Health & Education

Gold Star For You


In recent decades, Colombia made changes to nearly every level and aspect of its education system and has been exceeding the expected results, putting the country on the right track to achieve the president's goal of becoming the best educated country in the region.

Colombia’s education system has made several astonishing transformations over the past 20 years. Attributed to serious focuses on expanding access to education, learning outcomes, and increased enrollment across all levels, the country has seen a promising increase in school life expectancy alongside increasing numbers in post-secondary education as well as early childhood care and education. Though the country still has work to make the necessary improvements, honest efforts to reform the Colombian education system have so far proven effective.

Following reforms aimed at increasing the quality and coverage of education, the Colombian Constitutional Court mandated in 2010 that public primary education be free, and in 2015 President Juan Manuel Santos increased the education budget by 5.75%, bringing it to some $14.5 billion. The move followed Santos’ pledge to turn Colombia into the region’s best educated country by 2025, and followed the country’s Development Plan for 2014-2018.

There are 10 years of compulsory education in the country, with students in school from age five to 15. According to the Organization for Economic Co-operation and Development (OECD), the government wants to increase this number by 2030, with aims to include upper secondary education in compulsory education. Basic education provides students with five years of primary education, followed by four years of lower secondary education. A transition year, known as grade 0, occurs after childcare and before primary education, but is still considered a part of the education system. After secondary school, students can continue on to upper secondary school, which lasts for two years, but which is not compulsory.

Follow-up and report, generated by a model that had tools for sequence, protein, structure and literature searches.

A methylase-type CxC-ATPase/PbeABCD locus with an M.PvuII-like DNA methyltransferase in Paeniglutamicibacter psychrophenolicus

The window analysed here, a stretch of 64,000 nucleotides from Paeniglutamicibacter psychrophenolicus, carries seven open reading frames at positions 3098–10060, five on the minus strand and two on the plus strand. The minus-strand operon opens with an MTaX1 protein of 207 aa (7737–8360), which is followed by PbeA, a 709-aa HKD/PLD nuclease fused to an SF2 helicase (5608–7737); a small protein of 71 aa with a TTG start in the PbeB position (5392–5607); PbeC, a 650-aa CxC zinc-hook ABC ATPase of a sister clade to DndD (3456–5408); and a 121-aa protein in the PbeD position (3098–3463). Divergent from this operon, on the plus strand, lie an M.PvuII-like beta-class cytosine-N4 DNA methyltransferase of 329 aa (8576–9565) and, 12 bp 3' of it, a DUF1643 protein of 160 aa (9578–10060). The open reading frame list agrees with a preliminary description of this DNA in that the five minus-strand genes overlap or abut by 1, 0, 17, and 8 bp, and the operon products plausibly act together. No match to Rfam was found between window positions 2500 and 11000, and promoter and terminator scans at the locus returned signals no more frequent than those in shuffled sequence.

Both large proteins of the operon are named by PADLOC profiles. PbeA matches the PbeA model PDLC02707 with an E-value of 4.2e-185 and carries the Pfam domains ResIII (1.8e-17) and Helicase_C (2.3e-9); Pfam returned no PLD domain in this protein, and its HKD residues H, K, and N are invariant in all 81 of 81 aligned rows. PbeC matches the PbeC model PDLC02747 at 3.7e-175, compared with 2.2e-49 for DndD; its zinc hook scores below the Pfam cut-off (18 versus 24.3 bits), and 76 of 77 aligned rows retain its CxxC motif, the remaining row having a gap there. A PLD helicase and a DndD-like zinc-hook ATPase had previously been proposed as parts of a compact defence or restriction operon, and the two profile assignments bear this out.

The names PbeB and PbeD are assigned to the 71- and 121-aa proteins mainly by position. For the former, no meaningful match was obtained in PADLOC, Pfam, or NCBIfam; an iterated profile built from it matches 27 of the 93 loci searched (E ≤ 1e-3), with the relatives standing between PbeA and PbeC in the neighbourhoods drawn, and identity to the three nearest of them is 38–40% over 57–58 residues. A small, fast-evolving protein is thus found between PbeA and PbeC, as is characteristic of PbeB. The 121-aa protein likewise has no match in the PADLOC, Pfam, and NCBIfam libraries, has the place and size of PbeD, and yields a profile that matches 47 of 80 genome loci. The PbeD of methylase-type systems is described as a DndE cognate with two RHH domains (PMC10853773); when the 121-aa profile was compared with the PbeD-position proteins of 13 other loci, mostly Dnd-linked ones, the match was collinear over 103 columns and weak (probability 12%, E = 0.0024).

According to the latest OECD figures, Colombia has approximately 7.5 million students enrolled in basic education, which consists of grades 1-9. The country is reportedly working to implement a full day of schooling, adding at least another hour to the current estimated 5-6 hour school day. There are over 50,000 school branches in the country, some offering all stages of compulsory education. The OECD reports that close to 1.1 million students are enrolled in an upper secondary education program, with over three-quarters receiving schooling for general academic programs, with the remainder enrolled in vocational education and training programs.

According to the OECD, Colombia contains some 288 tertiary education programs. There are four primary types of tertiary institutions: universities, which represent 28% and offer undergraduate and graduate degrees; other university institutions, which provide professional and specialization programs below a master’s degree but above a bachelor’s and account for 42% of institutions; technological institutions that provide high-level skills and knowledge and that make up 18% of tertiary instructions; and professional technical institutions that offer training programs for a particular professional job or career and constitute 13% of such institutions.